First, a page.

From table above, only phases V and VI give the 'snap' and 'mouth feel' needed for good-quality chocolate as those phases have melting point close to body temperature which makes chocolate melts in the mouth. Tempering process involves slowly heating chocolate up to 44°C, then slowly cooling to 31°C. This thermal cycle allows cocoa butter to crystallise into phases V and VI exclusively.

Another aspects that need to be controlled in chocolate manufacture is the viscosity. Viscosity can be defined as a measure of the resistance of a fluid to deform under shear stress; usually perceived as the resistance to flow. For example, golden syrup has a constant viscosity and tomato sauce has a 'Bingham yield stress'. Chocolate liquor is a complex fluid whose viscosity depends on the stirring rate; it is a 'shear-thinning' non-Newtonian fluid. Therefore, the harder chocolate is stirred, the easier stirring becomes. The viscosity of those samples are shown on the graph below.
Furthermore, chocolate liquor viscosity determines coating thickness, since viscosity is always changing, it can be difficult to control during manufacture. Hence, if viscosity is too low, the chocolate 'feet' can be formed.
Chocolate 'feet'

Until this far, we know the manufacturing of chocolate as the chemistry can be applied behind the process. Now, we will see the chocolate from the point of view of chemistry. Chocolates can be described as a complex mixture of organic compounds as it can contain around 400 chemicals with the description is shown below.
In this part, we will see some prominent chemicals inside chocolate such as theobromine, caffeine, phenylethylamine, serotonin, and polyphenol.

First component is theobromine which comprises 1.5-2.7% chocolate and this is the major component in chocolate. Theobromine is a type of methylxanthine which is a weak stimulant for the central nervous system. As you notice from the structure, there is no Br in theobromine, as its name means 'food of the gods'. Theobromine also a diuretic, a cardiac stimulant and causes dilation of arteries, but its metabolic half-life is only 6 - 10 hours, so its effect is rather short-lived. Furthermore, dogs cannot tolerate theobromine; just 50 g of chocolate can kill a small dog.
Theobromine (left) and caffeine (right)

Secondly is caffeine which is an alkaloid drug found at low levels (0.1%) in chocolate and you can see that it is very similar chemical structure to theobromine (methylated theobromine). Caffeine is known as the world's most widely used 'psycho-active' substance and it is a stimulant for the heart and central nervous system. Caffeine also promotes wakefullness and increases mental activity, but these effects are partially negated by heavy use. Besides that, it is also a diuretic, can cause headaches, and constriction of blood vessels. For your information, caffeine content of a chocolate bar is 3-5 times lower than that in coffee.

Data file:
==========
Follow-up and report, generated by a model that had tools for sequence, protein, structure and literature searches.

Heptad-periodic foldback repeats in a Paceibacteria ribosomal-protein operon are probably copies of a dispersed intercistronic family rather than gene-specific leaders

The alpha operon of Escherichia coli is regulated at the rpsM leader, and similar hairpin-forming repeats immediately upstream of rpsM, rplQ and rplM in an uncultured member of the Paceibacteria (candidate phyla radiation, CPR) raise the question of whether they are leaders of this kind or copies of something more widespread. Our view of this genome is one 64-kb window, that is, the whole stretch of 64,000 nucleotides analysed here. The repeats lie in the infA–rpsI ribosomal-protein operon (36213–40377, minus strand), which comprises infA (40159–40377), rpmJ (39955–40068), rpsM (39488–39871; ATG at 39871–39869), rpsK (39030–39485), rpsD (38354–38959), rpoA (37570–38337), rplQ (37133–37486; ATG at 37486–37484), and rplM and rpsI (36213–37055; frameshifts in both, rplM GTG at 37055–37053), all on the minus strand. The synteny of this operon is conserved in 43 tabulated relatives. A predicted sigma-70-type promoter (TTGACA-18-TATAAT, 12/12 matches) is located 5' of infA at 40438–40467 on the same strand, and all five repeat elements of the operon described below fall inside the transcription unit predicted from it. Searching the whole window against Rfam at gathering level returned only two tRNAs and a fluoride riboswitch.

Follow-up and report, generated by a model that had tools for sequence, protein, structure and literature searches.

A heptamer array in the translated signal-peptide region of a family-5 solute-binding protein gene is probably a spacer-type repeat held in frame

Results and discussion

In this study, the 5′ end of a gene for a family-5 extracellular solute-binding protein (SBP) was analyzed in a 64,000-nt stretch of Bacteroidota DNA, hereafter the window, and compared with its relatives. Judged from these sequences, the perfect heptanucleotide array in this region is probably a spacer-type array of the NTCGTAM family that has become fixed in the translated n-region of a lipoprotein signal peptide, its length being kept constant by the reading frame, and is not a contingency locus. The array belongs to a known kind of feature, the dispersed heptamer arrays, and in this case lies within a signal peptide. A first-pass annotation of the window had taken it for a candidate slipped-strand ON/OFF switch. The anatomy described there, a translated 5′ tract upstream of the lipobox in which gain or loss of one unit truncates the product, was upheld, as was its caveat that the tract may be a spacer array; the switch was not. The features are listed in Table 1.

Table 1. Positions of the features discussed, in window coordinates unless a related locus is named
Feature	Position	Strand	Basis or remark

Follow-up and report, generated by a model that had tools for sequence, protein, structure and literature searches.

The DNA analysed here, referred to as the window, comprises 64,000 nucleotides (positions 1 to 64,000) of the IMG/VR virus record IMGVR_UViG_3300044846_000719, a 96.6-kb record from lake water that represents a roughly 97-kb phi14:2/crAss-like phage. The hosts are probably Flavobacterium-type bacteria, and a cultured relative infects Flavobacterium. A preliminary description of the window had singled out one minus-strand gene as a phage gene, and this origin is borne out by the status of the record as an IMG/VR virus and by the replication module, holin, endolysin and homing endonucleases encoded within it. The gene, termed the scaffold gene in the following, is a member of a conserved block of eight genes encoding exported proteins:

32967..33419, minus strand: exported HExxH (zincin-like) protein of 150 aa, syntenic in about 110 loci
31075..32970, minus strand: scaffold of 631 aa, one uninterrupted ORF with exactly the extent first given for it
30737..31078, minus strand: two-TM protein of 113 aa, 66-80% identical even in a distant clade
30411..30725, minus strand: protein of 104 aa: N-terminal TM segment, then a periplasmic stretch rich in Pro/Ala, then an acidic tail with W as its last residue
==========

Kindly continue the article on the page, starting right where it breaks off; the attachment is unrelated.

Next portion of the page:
The third prominent ingredient of chocolate is phenylethylamine which raises blood pressure and blood glucose levels and it makes us feel more alert and contented. Phenylethylamine is related to amphetamines; known as the love drug. Besides that, phenyethylamine is thought to cause release β-endorphin, an opioid peptide, and it is also claimed to be an aphrodisiac: mimics the brain chemistry of someone in love. However, phenylethylamine only found at relatively low levels in chocolate and its metabolic rate is simply too high for such 'brain chemistry' effects.

Serotonin (left) and prozac (right)
After that, there is chemical called serotonin which acts as a neurotransmitter (similar to prozac) and it has a calming and relaxing effect. Besides that, it causes neuron excitation in the central nervous system and if our serotonin levels are low, we crave sweet, starchy foods such as chocolate. Serotonin is believed to be important for the regulation of anger, aggression, mood, body temperature, sexuality, vomiting, sleep, and appetite.

Apigenin, one of a family of polyphenols 
The last chemical that is discussed in this part is polyphenols. Polyphenols are known as anti-oxidant as anti-oxidant reacts with free radicals to reduce oxidative stress in the body. Polyphenols also reduce heart disease by preventing oxidation of low-density lipoproteins, which otherwise cause clogged arteries. For your information, 1 square of milk chocolate has same amount of polyphenols as a glass of red wine and dark chocolate contains more polyphenols than milk chocolate. Polyphenols also act as a natural preservative to prevent chocolate turning rancid. However, polyphenols are complex mixtures that are notoriously difficult to study, so it is doubted that polyphenols equally effective as anti-oxidants.

One thing from chocolate product occasionally happens is chocolate blooming, so chocolate can develop a white powdery surface due to fat bloom or sugar bloom. This problem is due to incorrect storage of chocolate; either too warm or too cold. Firstly is fat bloom which occurs when cocoa butter either does not crystallise properly or undergoes a phase transition when stored in warm or humid conditions. Fat-bloomed chocolate feels 'oily' or 'greasy' due to surface layer of fat. Luckily, fat bloom can be reversed by warming or cooling in similar way of tempering process.
Chocolate blooming
In the other sides, sugar bloom occurs when sugar dissolves in surface moisture and recrystallises, so do not store unwrapped chocolate in the fridge. Sugar-bloomed chocolate feels 'grainy' due to sugar deposits on the surface. However, sugar bloom is irreversible, so sugar-bloomed chocolate cannot be fixed (either you can eat it or throw it away).

To summarise this section, the overview of chocolate manufacturing process is shown below.
The overview of chocolate manufacturing process


George Dionne said…